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Are Medicare Advantage Plans Right for You?

Maybe you're nearing retirement or turning 65. Either way, you're probably wondering about your Medicare options and possibly trying to figure out exactly what is a Medicare Advantage plan? How do they differ, and which plan is right for you?

Well, we've got the answers you've been looking for. Read on as we break down the basics of Medicare Advantage Plans, so you can decide which one is the best choice for you and your health coverage needs.

What Are Medicare Advantage Plans?

Medicare Advantage, also known as Medicare Part C, is a component of Medicare that let's interested parties sign up for coverage through private healthcare insurers who contract with the government. All Medicare Advantage Plans are legally required to offer the same benefits as Medicare Part A and Part B but are allowed to have different rules, costs, and coverage constraints. Most Medicare Advantage plans also include Medicare Part D (prescription drug coverage) within their benefits as well. These plans also offer services that Original Medicare does not cover, such as vision, hearing, dental, and more.

In addition, Medicare Advantage Plans can help save you money. These plans have a yearly limit on what you pay out-of-pocket for Medicare Parts A and B covered services. Once you reach your plan's limit, you won't spend another dime for covered services for the rest of the year. The idea behind these types of plans is to offer subscribers health insurance and prescription drug coverage in a more convenient and potentially cost-saving way.

How Do I Know If a Medicare Advantage Plan is Right for Me?

More and more people are choosing a Medicare Advantage Plan, in fact, enrollment has nearly doubled over the last decade, reports the Kaiser Family Foundation. But before you jump ahead to the sign-up portion, first consider factors such as plan costs, doctor options, any travel plans, and current health conditions that require medical attention to see if the plan's health benefits make sense for your situation. Medicare Advantage plans may not be the right choice if you currently have insurance from an employer or through your union that pays costs that Original Medicare doesn't cover.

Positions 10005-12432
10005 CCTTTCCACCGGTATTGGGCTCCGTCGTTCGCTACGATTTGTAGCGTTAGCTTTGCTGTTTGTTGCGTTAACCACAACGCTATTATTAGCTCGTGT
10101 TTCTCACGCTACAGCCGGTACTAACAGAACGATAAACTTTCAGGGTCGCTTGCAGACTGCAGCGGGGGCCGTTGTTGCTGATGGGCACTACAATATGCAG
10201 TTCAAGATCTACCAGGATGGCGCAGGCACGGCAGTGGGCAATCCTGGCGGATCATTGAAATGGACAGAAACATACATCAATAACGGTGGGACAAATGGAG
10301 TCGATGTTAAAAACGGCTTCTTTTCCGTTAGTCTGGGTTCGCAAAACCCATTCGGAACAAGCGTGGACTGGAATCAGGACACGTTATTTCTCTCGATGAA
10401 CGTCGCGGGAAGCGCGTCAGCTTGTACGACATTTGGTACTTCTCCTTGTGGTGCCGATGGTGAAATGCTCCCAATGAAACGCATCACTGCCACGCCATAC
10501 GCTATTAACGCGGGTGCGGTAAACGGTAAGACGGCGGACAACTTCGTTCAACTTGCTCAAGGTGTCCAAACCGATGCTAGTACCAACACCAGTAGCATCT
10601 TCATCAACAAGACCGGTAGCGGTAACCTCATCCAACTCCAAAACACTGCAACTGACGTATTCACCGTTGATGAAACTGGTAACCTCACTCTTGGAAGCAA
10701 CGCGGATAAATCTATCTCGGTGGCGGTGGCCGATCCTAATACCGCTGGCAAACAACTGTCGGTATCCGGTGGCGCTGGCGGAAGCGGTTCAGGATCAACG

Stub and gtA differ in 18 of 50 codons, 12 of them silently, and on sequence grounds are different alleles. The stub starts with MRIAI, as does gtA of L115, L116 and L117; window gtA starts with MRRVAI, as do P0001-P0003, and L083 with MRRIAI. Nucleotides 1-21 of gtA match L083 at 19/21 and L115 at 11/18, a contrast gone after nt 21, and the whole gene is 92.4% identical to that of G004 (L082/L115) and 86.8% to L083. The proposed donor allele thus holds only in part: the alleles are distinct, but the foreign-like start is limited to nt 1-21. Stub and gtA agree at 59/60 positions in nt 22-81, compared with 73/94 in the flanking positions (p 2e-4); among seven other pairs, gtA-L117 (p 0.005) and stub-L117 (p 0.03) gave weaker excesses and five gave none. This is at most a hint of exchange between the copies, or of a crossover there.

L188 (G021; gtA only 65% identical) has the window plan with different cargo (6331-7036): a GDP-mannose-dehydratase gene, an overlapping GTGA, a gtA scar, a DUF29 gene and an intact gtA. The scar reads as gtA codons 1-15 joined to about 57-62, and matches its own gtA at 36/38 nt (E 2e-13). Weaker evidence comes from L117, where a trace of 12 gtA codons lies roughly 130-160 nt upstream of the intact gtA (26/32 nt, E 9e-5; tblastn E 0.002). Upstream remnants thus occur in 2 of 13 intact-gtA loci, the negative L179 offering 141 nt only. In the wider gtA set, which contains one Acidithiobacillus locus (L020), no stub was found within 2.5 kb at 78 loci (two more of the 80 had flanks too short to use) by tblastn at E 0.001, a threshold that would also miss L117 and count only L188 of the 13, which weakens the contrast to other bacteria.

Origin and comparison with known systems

The most common types of Medicare Advantage plans are Health Maintenance Organizations (HMOs) and Preferred Provider Organizations (PPOs). HMOs typically offer lower monthly premiums to subscribers but also tend to require prior authorization from your insurer to visit any specialists. PPOs, on the other hand, may be a bit more costly but come with greater flexibility as you can generally visit any in-network doctor or specialist without a referral. These plans can vary in cost and coverage by region, so it's best to talk with a private insurer to get one-on-one advice and address any questions you may have.

What Does the Enrollment Process Look Like?

You can apply for a Medicare Advantage plan when you first become eligible for Medicare or during what's referred to as your "Initial Enrollment Period." Think of this first enrollment time as a sort of grace period, where you can enroll in Medicare Advantage plans, add coverage, or even switch plans if need be. The Initial Enrollment Period or (IEP) is based around your 65th birthday. Your IEP begins three months before your 65th birthday, includes your birthday month, and ends three months after your 65th birthday.

If you choose not to enroll during the IEP, don't fret, there are other dates you can apply. There is what's known as the Annual Enrollment Period, which takes place every year from October 15 to December 7. You may also qualify for the Medicare Special Enrollment Period (SPE) based on certain qualifying life occurrences, such as changing jobs or losing current health coverage.

Learn More About Medicare Advantage

Medicare Advantage plans can save you money and provide additional benefits not seen with traditional Medicare. The best way to navigate the Medicare Advantage selection and enrollment process is to work with a licensed insurer such as Anthem. Anthem agents can serve as helpful resources for determining what Medicare Advantage plans are available, which plans you should consider, when your benefits will start and how to get the full health coverage you deserve.
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